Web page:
The Illusion of Utter Transparency

Alice H. Methfessel Trust/Tibor de Nagy Gallery, New York
Elizabeth Bishop in Key West, Florida; undated photograph by Lloyd Frankenberg from Elizabeth Bishop: Objects and Apparitions, the catalog of an exhibition celebrating Bishop’s centenary, published by the Tibor de Nagy Gallery in 2011

In the hands of great poets words do things they don’t for the rest of us. They “reek” “of meaning,” as Elizabeth Bishop wrote about other symbols. Bishop’s greatness is nearly universally agreed on, but her words eschew specialness, increasingly so as her work develops, always in the direction of greater directness and freedom. Bishop seems to want to domesticate out-of-the-ordinary, difficult, uncanny things, to make them part of common experience, even when it proves impossible.

In her poems, the almost nineteenth-century rural landscape of Nova Scotia, where she spent much of her childhood; the sun-bleached midday of Key West, where she sojourned as a young adult; and the irreducible otherness of Brazil, where she lived in her forties and fifties, are close-up, vivid, sharply focused. As Randall Jarrell put it early on: “All her poems have written underneath, I have seen it.” But Bishop’s “home-made” realism is as illusionistic as any other art. “When readers praise Bishop’s ordinary everyday diction,” notes Eleanor Cook, who is one of Bishop’s most attentive readers, “they are also praising her sentence structure, grammar and syntax both, as well as a natural speaking rhythm.” All these things, as Cook demonstrates, are the product of intensive, deeply considered labor. “Writing poetry is an unnatural act,” Bishop asserted. “It takes great skill to make it seem natural.”

Borrowing from her sometime mentor Marianne Moore, Bishop wrote that “the three qualities I admire in the poetry I like best are: Accuracy, Spontaneity, Mystery,” and her early work is profuse with descriptive pinning-down. Bishop told her first biographer, Anne Stevenson, that she admired “the beautiful solid case being built up out of his heroic observations” by Charles Darwin, and goes on to say that “what one seems to want in art, in experiencing it, is the same thing that is necessary for its creation, a self-forgetful, perfectly useless concentration.”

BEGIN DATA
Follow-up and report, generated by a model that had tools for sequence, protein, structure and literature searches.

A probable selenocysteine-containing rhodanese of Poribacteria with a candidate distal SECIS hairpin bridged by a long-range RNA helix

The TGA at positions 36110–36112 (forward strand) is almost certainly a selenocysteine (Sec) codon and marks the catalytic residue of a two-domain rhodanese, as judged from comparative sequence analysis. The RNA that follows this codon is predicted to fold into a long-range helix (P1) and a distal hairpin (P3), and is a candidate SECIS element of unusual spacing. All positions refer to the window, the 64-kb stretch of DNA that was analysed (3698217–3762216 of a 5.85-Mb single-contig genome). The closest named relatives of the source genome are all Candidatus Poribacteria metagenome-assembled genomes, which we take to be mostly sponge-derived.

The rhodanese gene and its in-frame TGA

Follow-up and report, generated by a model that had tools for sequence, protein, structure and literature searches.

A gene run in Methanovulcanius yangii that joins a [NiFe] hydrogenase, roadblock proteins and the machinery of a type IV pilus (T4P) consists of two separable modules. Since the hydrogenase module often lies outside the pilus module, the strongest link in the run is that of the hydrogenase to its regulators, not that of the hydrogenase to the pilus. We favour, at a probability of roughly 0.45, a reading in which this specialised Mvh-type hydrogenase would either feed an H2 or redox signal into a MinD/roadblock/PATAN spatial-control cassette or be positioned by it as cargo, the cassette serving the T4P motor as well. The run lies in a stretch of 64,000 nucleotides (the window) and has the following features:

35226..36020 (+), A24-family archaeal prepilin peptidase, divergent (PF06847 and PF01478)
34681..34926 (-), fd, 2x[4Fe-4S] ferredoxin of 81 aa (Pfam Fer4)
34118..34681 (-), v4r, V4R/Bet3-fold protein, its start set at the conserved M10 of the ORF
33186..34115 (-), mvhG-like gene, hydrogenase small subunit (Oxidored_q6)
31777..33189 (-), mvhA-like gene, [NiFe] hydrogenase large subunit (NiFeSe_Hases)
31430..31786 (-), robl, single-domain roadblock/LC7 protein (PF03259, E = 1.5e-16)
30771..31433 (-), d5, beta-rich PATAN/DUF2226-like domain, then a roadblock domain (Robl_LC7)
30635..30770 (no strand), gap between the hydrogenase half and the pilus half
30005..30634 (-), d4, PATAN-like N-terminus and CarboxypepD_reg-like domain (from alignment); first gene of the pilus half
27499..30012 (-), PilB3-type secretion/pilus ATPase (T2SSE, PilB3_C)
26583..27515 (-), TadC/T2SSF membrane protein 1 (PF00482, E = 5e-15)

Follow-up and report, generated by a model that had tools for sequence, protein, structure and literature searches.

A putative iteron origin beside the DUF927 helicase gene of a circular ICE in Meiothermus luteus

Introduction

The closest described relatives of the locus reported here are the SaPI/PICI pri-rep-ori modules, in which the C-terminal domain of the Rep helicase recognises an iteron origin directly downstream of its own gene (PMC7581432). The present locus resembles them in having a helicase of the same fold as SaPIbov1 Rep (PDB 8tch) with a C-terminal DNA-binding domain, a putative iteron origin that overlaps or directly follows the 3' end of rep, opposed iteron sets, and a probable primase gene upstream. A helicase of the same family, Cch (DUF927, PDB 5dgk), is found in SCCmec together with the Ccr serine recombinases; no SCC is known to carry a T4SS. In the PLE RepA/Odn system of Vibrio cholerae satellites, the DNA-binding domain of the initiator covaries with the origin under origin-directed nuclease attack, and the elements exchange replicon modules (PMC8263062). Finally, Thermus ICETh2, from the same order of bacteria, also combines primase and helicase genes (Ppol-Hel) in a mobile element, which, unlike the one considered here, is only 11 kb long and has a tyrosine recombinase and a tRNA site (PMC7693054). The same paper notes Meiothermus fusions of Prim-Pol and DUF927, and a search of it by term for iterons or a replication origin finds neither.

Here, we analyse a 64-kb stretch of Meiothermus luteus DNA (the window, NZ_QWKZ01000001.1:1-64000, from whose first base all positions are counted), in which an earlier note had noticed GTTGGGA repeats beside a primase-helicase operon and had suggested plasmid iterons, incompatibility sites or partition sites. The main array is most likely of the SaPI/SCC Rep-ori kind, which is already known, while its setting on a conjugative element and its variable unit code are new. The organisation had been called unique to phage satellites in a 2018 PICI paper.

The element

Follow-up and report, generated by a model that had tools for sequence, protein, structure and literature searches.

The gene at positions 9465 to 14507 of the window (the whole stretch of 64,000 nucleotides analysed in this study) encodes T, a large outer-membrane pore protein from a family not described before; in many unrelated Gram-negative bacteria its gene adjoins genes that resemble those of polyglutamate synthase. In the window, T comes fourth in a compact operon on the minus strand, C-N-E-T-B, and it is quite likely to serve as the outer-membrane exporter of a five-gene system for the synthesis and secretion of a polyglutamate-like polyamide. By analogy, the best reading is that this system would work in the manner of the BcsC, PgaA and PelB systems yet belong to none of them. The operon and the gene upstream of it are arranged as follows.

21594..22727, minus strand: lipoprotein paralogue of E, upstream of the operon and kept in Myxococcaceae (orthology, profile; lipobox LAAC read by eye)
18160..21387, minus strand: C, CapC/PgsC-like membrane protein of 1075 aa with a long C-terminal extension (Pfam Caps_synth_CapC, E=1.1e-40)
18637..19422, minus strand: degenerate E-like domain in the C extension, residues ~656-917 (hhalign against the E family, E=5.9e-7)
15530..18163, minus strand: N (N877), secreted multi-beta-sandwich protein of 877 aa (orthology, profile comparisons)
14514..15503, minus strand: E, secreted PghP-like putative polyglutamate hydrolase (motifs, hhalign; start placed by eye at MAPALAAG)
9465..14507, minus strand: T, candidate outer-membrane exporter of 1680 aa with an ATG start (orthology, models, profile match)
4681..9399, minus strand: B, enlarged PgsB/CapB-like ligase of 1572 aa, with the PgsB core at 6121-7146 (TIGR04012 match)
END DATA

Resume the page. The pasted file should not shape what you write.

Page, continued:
This is a positivist approach to poetry—objective, jeweler-like. Cook cites William H. Pritchard’s comment that some of Bishop’s poems—the earlier ones, Cook cautions—risk “overkill” in detail. It’s not a surprise to learn from Megan Marshall, her latest biographer, that at one point she considered attending medical school. Bishop came to view poetry as “a way of thinking with one’s feelings,” but it took her a while to achieve “spontaneity,” the seemingly relaxed tone we think of as quintessentially hers. Her earlier work is not only painstakingly descriptive; its mystery comes by way of modernist difficulty and is tinged with surrealism as she imitates the contraptions of metaphysical poetry.

Bishop’s drastic childhood is essential to her story. Her father died when she was…



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